Marmots are funny creatures that amble around between 1,000 and 3,000 metres. They look a little like oversized guinea pigs and live in underground burrows called ‘galleries’. They live in large family groups, so if you spot one the chances are there are more of them milling about somewhere nearby. They make a peculiar high pitched whistling noise and like to sunbathe!
Species rehabilitation is one of the aims of the park and it is a haven for rare and protected creatures. Ibex numbers have increased literally tenfold, from 200 to 2,000 since the creation of the park. The black grouse is another species that the park is trying hard to preserve as it is in real danger of extinction; the rangers monitor habitats and record numbers and are keen to inform and educate visitors to the park about their work. Their research into the wildlife of the park regularly leads to the discovery of new species, and provides a valuable service to the preservation of alpine fauna.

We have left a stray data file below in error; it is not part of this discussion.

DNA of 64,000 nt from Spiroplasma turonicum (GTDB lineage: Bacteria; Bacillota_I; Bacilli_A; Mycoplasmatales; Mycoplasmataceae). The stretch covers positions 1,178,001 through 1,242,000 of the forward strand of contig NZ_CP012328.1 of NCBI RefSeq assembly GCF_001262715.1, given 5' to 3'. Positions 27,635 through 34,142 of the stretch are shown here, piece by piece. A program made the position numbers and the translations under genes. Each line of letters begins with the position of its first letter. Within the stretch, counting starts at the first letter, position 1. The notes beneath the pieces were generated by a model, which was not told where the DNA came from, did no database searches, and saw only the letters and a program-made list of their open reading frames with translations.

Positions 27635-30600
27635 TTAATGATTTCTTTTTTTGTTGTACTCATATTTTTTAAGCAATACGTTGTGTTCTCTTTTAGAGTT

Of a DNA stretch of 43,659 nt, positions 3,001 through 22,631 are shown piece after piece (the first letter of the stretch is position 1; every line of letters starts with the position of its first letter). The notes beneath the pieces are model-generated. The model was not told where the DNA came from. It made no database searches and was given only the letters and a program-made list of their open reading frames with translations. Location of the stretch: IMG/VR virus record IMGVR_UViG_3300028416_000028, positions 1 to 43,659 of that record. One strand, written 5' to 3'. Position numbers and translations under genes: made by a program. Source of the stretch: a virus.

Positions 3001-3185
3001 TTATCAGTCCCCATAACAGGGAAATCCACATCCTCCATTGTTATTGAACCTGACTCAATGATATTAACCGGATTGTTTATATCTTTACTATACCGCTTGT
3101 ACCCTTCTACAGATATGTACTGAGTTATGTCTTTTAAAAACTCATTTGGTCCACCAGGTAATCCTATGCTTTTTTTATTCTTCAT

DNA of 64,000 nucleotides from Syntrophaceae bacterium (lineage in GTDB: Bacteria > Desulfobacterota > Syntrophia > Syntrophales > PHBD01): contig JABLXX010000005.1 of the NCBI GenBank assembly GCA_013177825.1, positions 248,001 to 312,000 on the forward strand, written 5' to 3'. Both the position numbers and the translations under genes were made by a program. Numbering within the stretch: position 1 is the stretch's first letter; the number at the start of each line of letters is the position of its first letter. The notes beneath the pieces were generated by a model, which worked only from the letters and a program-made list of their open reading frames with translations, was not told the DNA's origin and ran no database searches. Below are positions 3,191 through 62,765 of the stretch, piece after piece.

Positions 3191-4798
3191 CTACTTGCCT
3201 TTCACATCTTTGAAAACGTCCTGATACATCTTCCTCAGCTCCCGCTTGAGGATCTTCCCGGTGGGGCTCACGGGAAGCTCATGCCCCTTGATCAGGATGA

The isolated summits provide a perfect habitat for golden eagles and the extremely rare bearded vulture is a regular visitor; the park rangers are hopeful that a breeding pair may make the park their home before too long. In fact, if you are a dedicated birdwatcher, a keen conservationist or just someone who likes to spot a bit of wildlife when they are rambling along the Vanoise National Park is definitely a good place to start.
The plant life in the Vanoise National Park is both diverse and beautiful. As well as the alpine favourites such as edelweiss, saxifrage and mountain primrose you will also find a number of eastern and southern species as well as arctic-alpine remnants of the ice age. The Vanoise National Park is one of the only places in France where you can see the delicate and scarce twinflower, an indicator species of ancient woodland that likes to grow in the mossy areas at the foot of spruce and pine trees.